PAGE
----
This exercise is similar to meditating with our breath as an object, and is easiest with closed eyes. Usually vision is our dominant sense, under constant use. So having our eyes open while directing our attention to another sense can easily distract us.
Here we can move about in a similar way as in the previous lesson:
- Sitting on a chair with your feet on the floor and your hands on your legs or knees, choose an object. It can be a specific sound, background noise, music, the wind, even birds singing. Simply direct your attention towards it as you did your breathing before. I love the sound of Sunday morning birds for this :).
- Again gently close your eyes, sit in a comfortable, upright posture and “listen” to whatever appears in your awareness. There might be different sensations from your body, thoughts, and emotions. First notice everything as it is and take a moment to find yourself into this exercise.
- Now direct your attention towards the sense impressions of your ears. Some noises or sounds might be in the foreground, some in the back, some loud, some silent. Maybe you can even hear your own heartbeat and your breathing.
- It’s easier to choose one focus within the different auditory impressions. Sounds will come and go. You may notice more change compared to focusing on your breathing, but in the background the constant rhythm of your breathing is there all the time.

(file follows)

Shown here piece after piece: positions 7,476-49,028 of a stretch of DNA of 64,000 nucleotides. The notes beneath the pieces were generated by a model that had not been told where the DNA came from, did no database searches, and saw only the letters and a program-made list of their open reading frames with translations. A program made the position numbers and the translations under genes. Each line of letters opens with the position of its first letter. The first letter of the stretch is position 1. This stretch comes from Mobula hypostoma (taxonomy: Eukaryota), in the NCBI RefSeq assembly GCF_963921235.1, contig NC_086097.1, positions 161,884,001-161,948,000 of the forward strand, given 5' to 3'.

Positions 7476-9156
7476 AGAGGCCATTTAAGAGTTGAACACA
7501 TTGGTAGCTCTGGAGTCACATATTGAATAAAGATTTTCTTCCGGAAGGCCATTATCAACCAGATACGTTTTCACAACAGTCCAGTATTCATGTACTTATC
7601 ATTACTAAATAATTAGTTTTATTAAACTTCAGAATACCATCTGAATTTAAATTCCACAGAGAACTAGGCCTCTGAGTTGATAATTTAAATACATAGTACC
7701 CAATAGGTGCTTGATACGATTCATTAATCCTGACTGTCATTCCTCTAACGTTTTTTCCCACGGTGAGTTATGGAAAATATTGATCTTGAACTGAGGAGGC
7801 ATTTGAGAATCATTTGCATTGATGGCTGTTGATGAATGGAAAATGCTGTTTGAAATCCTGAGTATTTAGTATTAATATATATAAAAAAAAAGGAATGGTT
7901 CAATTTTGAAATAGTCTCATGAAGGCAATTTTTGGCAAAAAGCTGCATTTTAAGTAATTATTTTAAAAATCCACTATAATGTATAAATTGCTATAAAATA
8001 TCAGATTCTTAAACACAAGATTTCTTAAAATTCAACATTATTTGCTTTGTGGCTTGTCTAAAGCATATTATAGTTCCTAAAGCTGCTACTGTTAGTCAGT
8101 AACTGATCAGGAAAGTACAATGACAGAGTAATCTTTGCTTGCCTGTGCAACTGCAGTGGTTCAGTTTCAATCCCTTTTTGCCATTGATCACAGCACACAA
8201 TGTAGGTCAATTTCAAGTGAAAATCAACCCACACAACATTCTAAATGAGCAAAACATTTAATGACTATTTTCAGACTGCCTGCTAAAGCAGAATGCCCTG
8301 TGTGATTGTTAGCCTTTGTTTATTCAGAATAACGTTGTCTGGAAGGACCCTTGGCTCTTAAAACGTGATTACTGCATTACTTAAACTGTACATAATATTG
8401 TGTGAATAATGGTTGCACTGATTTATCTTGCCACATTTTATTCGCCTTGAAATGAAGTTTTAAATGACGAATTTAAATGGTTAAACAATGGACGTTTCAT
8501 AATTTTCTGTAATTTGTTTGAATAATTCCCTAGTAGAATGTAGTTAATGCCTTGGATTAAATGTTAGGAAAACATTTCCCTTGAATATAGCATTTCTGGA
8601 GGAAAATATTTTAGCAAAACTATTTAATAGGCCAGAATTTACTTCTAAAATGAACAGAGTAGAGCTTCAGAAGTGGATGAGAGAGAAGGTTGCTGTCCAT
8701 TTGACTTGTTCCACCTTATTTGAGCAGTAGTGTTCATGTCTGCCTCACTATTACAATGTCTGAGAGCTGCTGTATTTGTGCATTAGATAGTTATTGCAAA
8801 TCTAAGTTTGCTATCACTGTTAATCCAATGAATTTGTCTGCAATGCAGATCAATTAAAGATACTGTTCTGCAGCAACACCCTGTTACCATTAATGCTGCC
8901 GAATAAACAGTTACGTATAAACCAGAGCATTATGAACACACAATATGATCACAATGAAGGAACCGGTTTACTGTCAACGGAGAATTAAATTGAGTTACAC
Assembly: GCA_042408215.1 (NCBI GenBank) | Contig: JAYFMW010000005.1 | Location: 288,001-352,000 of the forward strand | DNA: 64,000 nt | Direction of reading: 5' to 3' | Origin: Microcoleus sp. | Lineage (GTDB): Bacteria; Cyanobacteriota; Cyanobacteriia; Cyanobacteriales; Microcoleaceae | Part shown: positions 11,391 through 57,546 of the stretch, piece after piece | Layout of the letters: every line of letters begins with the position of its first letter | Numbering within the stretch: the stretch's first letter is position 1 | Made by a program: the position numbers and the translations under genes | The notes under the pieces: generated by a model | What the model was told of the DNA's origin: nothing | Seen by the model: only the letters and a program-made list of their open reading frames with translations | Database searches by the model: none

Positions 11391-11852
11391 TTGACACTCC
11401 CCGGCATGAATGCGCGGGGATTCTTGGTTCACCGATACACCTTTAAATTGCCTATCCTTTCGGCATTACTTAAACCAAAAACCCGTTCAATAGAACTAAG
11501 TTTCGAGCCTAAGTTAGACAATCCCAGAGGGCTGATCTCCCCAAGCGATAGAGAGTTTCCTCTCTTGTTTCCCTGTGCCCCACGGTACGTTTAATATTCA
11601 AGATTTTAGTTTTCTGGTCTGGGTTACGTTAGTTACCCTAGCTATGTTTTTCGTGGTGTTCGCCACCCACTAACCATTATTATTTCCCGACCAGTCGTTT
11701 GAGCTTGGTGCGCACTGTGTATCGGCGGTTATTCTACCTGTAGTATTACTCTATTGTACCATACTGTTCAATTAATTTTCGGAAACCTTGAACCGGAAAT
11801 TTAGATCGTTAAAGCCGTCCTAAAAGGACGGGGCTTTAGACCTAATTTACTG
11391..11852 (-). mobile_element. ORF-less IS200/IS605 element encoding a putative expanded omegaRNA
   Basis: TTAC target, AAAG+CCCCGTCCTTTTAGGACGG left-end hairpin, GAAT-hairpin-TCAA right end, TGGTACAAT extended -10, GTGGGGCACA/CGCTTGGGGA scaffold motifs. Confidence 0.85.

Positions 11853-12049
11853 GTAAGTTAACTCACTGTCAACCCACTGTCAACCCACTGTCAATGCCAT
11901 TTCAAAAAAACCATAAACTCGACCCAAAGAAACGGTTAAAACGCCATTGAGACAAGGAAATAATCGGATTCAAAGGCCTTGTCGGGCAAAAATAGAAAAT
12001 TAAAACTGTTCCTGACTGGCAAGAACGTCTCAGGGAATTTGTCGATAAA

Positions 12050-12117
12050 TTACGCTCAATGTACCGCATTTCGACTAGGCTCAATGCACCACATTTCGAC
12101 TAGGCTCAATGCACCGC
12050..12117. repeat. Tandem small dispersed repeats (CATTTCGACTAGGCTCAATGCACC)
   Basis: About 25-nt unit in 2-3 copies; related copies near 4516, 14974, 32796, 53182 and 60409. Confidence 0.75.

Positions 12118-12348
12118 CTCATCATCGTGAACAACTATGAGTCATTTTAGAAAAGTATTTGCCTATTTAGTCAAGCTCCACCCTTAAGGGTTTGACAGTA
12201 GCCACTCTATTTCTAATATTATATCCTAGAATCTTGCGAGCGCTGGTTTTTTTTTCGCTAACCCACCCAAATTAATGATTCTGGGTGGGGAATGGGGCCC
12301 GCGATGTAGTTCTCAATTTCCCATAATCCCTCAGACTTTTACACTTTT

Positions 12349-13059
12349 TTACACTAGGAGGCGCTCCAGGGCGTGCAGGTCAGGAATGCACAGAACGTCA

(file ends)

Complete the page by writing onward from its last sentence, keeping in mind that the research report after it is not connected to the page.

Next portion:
- Rest aware of the coming and going, loudness and silence of your chosen impressions. Your mind will start wandering, because this is what our minds do. If you notice that your focus is lost bring it gently back to the chosen object.
- Maybe you’ll notice a special quality that goes along with meditating on sounds. Listening closely can bring us closer to deep calm and home to ourselves. Music therapy and the many musical elements in all cultures and traditions are using this quality.
- Continue this process of listening and coming back to the chosen object for some minutes.
- End the session by opening your eyes and moving your body. Come fully back into the situation and the day.
Like our breathing, listening is our constant companion in life. We can close our eyes, but not our ears.
Our nervous system sorts out all the sounds, privileging some as more important than others; we hear those and others move into the background. But we can also select what matters to us, and those will move to the forefront, while those we don’t wish to hear move into the background, and maybe even out of hearing altogether.
If you’d like a guided meditation here, you might enjoy Sharon Salzberg’s breath meditation again.